This New Report About Retirement Savings Should Be a Wake-Up Call for Women
Attention, ladies: How does your retirement savings look?
Anyone? Anyone? Bueller?
I get it: You’re afraid to admit your savings isn’t as robust as it probably should be.
A new report illustrates this problem for American women, but not with the goal of making us all feel bad.
It’s a motivator for better saving and planning.
Transamerica’s new report “Seventeen Facts About Women’s Retirement Outlook” pulls information from the nonprofit’s annual Retirement Survey of Workers that had more than 4,000 respondents.
The group released the bonus report on March 1 to correspond with National Women’s History Month and International Women’s Day on March 8.
Because nothing says, “I’m every woman,” quite like, “Not every woman is doing a good job preparing for retirement.”
Ladies, Why Haven’t You Gotten Your Retirement Savings in Formation?
First, the alarming stats:
Only 10% of women surveyed admitted they’re “very confident” in “their ability to fully retire with a comfortable lifestyle.”
Meanwhile, 19% of men reported being very confident, because, men. ¯_(ツ)_/¯
In addition, 64% of women don’t have a backup plan if they have to retire sooner than they planned. Men aren’t good at this either: 57% reported not having a backup plan.
The estimated median for women’s total household retirement savings is a paltry $34,000, compared to $115,000 for men.
Meanwhile, the women surveyed have an estimated median $2,000 in the bank for emergencies, compared to the estimated median of $10,000 in men’s accounts.
Ladies, I don’t really understand that one as I have been telling you (pointed glare) to bump up your savings game for a while now. If it’s just moths and dust bunnies in your emergency fund, we have a guide for getting it in shape.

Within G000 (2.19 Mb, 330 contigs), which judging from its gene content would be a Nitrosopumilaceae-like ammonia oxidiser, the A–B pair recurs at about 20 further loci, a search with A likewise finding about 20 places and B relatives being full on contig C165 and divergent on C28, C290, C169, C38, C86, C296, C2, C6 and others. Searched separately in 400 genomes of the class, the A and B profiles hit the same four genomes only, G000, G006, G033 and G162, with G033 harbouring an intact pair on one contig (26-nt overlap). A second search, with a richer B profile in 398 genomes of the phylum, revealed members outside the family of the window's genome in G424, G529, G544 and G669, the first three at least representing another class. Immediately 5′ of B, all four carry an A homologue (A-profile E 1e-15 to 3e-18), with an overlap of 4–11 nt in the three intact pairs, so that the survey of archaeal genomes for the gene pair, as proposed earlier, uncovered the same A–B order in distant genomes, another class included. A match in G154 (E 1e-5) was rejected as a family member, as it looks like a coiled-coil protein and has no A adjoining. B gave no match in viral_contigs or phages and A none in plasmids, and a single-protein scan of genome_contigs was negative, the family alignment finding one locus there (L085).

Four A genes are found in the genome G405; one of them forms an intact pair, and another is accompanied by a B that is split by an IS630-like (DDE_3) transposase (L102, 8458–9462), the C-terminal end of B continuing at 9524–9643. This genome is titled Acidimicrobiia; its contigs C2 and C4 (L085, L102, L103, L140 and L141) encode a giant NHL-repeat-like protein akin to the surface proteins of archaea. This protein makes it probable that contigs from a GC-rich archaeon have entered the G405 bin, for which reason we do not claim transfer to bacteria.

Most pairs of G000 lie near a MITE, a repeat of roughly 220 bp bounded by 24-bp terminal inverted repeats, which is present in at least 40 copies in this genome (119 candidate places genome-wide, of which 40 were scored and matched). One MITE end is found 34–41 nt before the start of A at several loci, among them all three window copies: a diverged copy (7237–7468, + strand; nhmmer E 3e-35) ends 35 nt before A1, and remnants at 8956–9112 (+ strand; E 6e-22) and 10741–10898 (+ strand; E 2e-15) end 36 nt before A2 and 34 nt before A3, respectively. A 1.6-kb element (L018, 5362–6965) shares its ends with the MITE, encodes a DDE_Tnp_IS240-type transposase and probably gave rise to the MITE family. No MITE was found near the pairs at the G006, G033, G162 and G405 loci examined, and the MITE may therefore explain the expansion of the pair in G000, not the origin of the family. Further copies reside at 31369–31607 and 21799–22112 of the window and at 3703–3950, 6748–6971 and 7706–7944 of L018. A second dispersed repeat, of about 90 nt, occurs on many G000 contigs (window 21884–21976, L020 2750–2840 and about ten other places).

If You Have to Cry, Go Outside
Put away your Kleenex. There’s good news in this report, too.
It turns out 72% of women are saving for retirement through a workplace plan or outside of work, and started doing so at a median age of 28. Men started a hair earlier, at median age 26.
Good work, everyone.
Of those women who can, 75% of women participate in a retirement plan through work, and contribute a median 6% of their salary. Men contribute a median 10%.
Transamerica’s report isn’t meant to scare us. It’s a wake-up call to remind women it’s never too early or late to start saving for retirement, even if it’s just a few dollars each week.
“Save as much as you can, knowing that both small and large amounts add up over time,” Transamerica Institute president Catherine Collinson advises in the report.
What to Do Today for a Better Retirement Eventually
If you aren’t saving for retirement, start ASAP.
If you are saving (good for you!), take a few minutes to check your progress. Are you saving enough for your anticipated needs? Are you satisfied with your contribution through a work 401(k)? Have you automated your savings to an IRA?
Another strategy for women: Prepare yourself for the likelihood that retirement may not happen until you’re well past 65.
“Maintain your ability to continue working past age 65. Keep your job skills up to date or learn new ones,” Collinson writes. “Many employers, community colleges and nonprofits offer classes in the latest technologies and careers. Networking groups offer opportunities to meet more people in particular professions.”
By taking care of your career, it seems, you may have a better chance of taking care of yourself comfortably when it’s (finally) time to retire.
Your Turn: Are you saving enough for retirement? Ladies, what’s your reaction to this new report?
Lisa Rowan is a writer and producer at The Penny Hoarder.